Author Topic: Overheard at Work 2  (Read 520432 times)

Siebrie

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Re: Overheard at Work 2
« Reply #2400 on: March 05, 2020, 02:30:39 AM »
An overheard at my old work:
My former employer offered a very generous company car budget once you reached a certain level in the company. My new Legal Director colleague wanted to look for a car within that budget, but her Legal Vice President colleagues persuaded her to take the company car budget, add her own budget (the amount she would normally privately spend on a car) and get as large a car as she could afford. She did....
She also sold her own car (that makes sense, of course) at a loss (of course), and then left our company within 6 months, as she didn't get along with our micromanaging supervisor.

LennStar

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Re: Overheard at Work 2
« Reply #2401 on: March 05, 2020, 04:34:15 AM »
One of my coworkers was complaining today about all the money they spend. $10 Uber each way to the train station, $8 commuter rail each way, $15 lunch... ďIím spending almost $50 a day just to be in this office!Ē

I suggested biking to the train station might be an option, and he said ďnah, itís way too far- almost 2 miles! And Iíd rather pay $10 for the Uber than spend a thousand dollars on a bike.Ē And then started complaining about how terrible the train service is and that we should call our legislators to demand improvements.

 I thought about mentioning that my bike cost what he spends on Ubers in 2 weeks, or that even an unfit person could manage 2 miles in 15 minutes, but some conversations are not worth having.

It depends on the 2 miles. I could make it to the train station on my bike, but I would just be walking it up hill to get home. Even the super fit ones who bike it on a regular basis don't make it look easy!
In that case you can buy a cheap electrified bike for $500 shiny new! It pays for itself after just a quarter, probably does not take more time than waiting for the Uber driver and is a lot healthier!

Sugaree

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Re: Overheard at Work 2
« Reply #2402 on: March 05, 2020, 04:35:46 AM »
CW:  I like getting paid every two weeks.  It's so much easier to plan that way
me:  ...
CW:  Once I worked somewhere that they paid twice a month - the 15th and the 30th.  I hated it!
me: ...
CW:  It's so hard to plan around that.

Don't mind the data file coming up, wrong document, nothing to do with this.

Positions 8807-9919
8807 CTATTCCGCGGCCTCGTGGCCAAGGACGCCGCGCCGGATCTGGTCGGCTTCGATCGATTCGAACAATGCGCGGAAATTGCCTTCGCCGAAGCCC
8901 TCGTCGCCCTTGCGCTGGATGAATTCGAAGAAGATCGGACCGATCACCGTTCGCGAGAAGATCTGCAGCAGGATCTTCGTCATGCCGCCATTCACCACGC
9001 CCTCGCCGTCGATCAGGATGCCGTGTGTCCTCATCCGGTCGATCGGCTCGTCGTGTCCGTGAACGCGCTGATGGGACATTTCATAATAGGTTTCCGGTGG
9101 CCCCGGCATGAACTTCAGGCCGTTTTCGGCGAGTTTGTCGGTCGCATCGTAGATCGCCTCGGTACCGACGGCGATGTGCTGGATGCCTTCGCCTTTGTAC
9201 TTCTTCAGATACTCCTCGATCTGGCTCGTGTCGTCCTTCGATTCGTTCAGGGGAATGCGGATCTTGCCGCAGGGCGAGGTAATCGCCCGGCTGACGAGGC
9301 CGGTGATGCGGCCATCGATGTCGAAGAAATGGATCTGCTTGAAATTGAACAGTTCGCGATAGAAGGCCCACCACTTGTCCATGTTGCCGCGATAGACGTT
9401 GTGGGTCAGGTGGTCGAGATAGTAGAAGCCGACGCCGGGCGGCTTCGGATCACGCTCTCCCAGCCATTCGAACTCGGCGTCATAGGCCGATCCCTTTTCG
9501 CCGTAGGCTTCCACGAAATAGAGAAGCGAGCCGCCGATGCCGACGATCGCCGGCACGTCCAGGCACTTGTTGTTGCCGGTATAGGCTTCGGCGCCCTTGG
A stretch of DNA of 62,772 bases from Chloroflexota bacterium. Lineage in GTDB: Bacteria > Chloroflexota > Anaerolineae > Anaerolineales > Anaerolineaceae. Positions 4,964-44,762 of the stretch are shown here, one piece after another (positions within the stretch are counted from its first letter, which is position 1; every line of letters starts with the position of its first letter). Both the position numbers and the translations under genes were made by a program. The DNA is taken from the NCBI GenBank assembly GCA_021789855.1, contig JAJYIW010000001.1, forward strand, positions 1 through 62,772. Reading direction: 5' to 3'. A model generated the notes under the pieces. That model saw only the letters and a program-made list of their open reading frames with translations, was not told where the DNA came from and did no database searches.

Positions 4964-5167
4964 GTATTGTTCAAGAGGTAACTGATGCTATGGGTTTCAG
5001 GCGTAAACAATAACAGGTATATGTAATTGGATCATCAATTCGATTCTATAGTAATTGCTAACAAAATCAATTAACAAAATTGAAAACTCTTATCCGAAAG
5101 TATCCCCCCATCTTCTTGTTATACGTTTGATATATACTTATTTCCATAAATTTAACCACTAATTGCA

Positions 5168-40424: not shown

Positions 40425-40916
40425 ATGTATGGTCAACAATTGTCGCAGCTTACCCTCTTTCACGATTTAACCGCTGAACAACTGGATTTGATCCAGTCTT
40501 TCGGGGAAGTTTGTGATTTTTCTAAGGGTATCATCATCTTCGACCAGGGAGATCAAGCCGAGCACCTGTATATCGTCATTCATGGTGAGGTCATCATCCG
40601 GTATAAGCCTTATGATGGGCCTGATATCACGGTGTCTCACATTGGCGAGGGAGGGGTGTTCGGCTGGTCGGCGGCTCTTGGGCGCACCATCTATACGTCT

me:  ...
CW:  If the 15th fell on a Sunday, you didn't get the check until Monday!
CW:  I used to go out a lot more, and you can imagine if I didn't get paid until Monday, then that made going out all that much more difficult
me:  {don't ask, don't ask, don't engage and maybe he'll just stop talking}

Some people can't seem to get past basic arithmetic.  If you told this person that credit cards offer 30 days interest free, you'd probably see them maxed out in days.

I would rather be paid twice a month.  The three paycheck months are kind of annoying.

Ugh, I can't imagine how stressed I'd be by living like this.  I've never been paycheck to paycheck, so it's never mattered much to me how frequently I was paid.  I'm curious though, @Wrenchturner why is it annoying to be paid three times a month?  Does your employer not have direct deposit?

I have direct deposit, but having my income jump by 50% for ~three months out of the year is annoying because it means I have to go out of my way to invest it.

We get paid twice a week and I think it's funny to watch co-workers go on about their "free paycheck" during those months.  But then they also tend to forget that there will be months where the "first" paycheck of the month won't be until 7th or 8th.  My budget system is set up a a little different so I don't really notice how many paychecks I get in a given month.

SwordGuy

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Re: Overheard at Work 2
« Reply #2403 on: March 05, 2020, 06:33:37 AM »
The key to an every-other-week paycheck is to set a monthly budget for 2 paychecks (instead of 1/12th annual pay) and get a paycheck ahead on expenses.   That way, you're never waiting on the "next paycheck" to pay the bills, they come out of the last paycheck.  Once that happens, it's a whole lot less stressful.

The nice thing is that if someone sets their monthly budget based on 2 paychecks, within 6 months there will be a 3 paycheck month and they'll now be a paycheck ahead.

And about every 6 months they can get one more paycheck ahead. Over the course of 5 years that's 10 paychecks ahead, or a 5 month emergency fund.   Don't even have to know about how to invest...

Just Joe

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Re: Overheard at Work 2
« Reply #2404 on: March 05, 2020, 07:54:06 AM »
Suggest going to a monthly paycheck schedule and wait for the hand wringing...

OtherJen

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Re: Overheard at Work 2
« Reply #2405 on: March 05, 2020, 08:00:01 AM »
Suggest going to a monthly paycheck schedule and wait for the hand wringing...

Yep.

I actually liked having a monthly paycheck schedule when I was in grad school. Now, my contract companies all pay monthly but on different days. I wish I could set things up to have all of the deposits arrive on the same day.